Date: July 16, 2019

Mainly cloudy with 60 percent chance of showers. Risk of a thunderstorm this afternoon. Wind southwest 20 km/h gusting to 40. High 29. Humidex 37. UV index 7 or high.

Temp
26.7C

Feels like 36C

Environment Canada
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Schistosomiasis (Bilharzia)

This page was reviewed or revised on Thursday, July 21, 2016 3:57 PM

Environmental Health & Prevention Services


What is it?

  • It is a parasitic infection acquired through contact with freshwater throughout the tropics and subtropics
  • The major forms in humans are caused by water-borne flatworms or blood flukes called schistosomes

Transmission

  • Schistosomes lived in certain freshwater snails, which release large numbers of tiny free-swimming larvae (called cercariae)
  • These cercariae penetrate unbroken skin of a person who comes in contact with infested water and migrate to veins around the liver or bladder where mature worms produce eggs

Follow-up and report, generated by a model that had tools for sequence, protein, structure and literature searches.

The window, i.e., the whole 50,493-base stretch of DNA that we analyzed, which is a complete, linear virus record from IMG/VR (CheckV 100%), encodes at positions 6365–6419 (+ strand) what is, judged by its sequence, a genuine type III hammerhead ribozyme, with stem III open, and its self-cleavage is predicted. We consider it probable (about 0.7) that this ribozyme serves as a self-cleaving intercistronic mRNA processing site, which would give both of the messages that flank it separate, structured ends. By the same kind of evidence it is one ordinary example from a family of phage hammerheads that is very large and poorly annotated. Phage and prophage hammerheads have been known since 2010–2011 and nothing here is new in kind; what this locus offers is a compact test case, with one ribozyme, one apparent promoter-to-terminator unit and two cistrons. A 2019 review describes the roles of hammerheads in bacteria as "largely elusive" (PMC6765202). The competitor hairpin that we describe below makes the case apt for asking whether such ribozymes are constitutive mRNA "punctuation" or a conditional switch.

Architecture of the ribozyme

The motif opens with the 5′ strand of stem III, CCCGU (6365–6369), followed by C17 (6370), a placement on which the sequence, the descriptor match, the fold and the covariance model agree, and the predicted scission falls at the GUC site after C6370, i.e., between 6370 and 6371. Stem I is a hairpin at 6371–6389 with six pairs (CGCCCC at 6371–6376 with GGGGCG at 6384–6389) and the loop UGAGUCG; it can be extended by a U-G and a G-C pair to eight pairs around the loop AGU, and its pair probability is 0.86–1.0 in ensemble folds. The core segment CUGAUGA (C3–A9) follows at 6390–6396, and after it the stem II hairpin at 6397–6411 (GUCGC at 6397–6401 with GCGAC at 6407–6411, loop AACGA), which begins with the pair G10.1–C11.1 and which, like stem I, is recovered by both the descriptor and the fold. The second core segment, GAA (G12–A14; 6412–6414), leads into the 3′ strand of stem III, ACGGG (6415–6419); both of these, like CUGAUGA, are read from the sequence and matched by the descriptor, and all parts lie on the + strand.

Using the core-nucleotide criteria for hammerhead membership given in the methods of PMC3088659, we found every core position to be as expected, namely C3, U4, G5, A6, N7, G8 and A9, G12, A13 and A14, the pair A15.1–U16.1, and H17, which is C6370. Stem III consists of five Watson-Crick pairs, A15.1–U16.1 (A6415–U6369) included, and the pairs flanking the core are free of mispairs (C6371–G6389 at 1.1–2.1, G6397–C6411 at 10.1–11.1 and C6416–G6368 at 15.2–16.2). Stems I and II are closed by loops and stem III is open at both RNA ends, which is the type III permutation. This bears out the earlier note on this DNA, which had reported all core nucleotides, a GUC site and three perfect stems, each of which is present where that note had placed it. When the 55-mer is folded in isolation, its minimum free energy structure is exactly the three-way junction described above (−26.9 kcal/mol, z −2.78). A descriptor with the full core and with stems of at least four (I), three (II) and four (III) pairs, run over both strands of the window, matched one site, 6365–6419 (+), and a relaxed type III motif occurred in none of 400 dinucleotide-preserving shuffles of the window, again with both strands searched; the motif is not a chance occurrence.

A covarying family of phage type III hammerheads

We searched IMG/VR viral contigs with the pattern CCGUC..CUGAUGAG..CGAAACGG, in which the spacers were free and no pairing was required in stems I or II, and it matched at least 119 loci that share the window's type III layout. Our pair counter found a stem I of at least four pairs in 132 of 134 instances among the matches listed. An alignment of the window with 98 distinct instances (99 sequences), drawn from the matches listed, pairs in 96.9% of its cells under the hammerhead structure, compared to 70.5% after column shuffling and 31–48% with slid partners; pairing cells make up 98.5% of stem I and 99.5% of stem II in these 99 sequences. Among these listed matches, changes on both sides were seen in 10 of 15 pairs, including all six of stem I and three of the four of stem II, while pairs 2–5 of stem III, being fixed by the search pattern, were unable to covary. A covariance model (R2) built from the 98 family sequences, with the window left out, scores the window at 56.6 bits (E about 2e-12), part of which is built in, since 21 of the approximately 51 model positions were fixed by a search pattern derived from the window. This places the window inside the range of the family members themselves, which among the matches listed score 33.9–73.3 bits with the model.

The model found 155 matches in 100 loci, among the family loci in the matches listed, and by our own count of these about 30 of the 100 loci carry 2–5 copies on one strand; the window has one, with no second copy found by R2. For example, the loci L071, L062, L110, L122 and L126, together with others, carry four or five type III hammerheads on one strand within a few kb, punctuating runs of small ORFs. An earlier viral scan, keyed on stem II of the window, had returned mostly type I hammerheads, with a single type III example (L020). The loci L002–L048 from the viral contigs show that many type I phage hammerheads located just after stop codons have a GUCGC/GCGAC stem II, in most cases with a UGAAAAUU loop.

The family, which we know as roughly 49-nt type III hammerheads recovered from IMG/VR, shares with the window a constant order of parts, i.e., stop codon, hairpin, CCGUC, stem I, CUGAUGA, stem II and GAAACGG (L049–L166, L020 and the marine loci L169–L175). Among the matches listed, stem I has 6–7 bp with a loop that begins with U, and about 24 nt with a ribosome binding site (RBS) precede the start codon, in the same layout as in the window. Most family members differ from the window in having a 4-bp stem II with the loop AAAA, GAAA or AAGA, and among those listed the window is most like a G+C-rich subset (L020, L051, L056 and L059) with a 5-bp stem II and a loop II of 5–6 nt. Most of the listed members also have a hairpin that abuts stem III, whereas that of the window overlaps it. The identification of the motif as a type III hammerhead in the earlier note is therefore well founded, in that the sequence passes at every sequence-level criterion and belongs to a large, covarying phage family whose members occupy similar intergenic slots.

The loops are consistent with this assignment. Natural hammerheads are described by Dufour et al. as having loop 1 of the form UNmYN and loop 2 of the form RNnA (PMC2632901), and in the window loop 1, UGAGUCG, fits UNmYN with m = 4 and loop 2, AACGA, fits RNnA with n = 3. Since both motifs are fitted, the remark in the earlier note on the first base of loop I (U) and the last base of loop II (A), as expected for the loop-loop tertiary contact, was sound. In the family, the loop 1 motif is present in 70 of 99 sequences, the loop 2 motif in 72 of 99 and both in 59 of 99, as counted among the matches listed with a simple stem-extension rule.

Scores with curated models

• Adult worms can live up to 15 years and produce large numbers of eggs that exit the body through urine or feces

Symptoms

  • A few hours after contact with schistosomes, fewer than 10% of people may experience tingling of the skin with a rash where the cercaria enter the boy (“swimmers itch”), and usually resolves within 24 hours
  • Weeks later, once the adult worms begin to produce eggs, the person may develop flu-like symptoms, with fever, tiredness, respiratory symptoms (coughing, wheezing, shortness of breath), diarrhea and hives
  • Long-term consequences include severe liver disease, kidney failure, and bladder cancer

Prevention

  • Avoid bathing, swimming, wading, boating, or rafting in cercariae-infested waters
  • Risk is highest along lake shores, slow-moving streams, and irrigation ditches that contain the snail host
  • Even brief water exposure can lead to infection since the cercariae can penetrate intact skin within 30 seconds to 10 minutes
  • If water exposure cannot be avoided, try to wear protective footwear or clothing and apply appropriate insect repellent
  • Quickly dry exposed skin and clothing, as cercariae cannot survive drying

Where is it found?

  • Nile valley, east Africa
  • West Africa (especially Savanna)
  • Lake Malawi
  • Lake Victoria
  • Along the Euphrates and Tigris rivers in the Middle East
  • Eastern Mediterranean
  • The Caribbean
  • South America - Brazil
  • Southeast Asia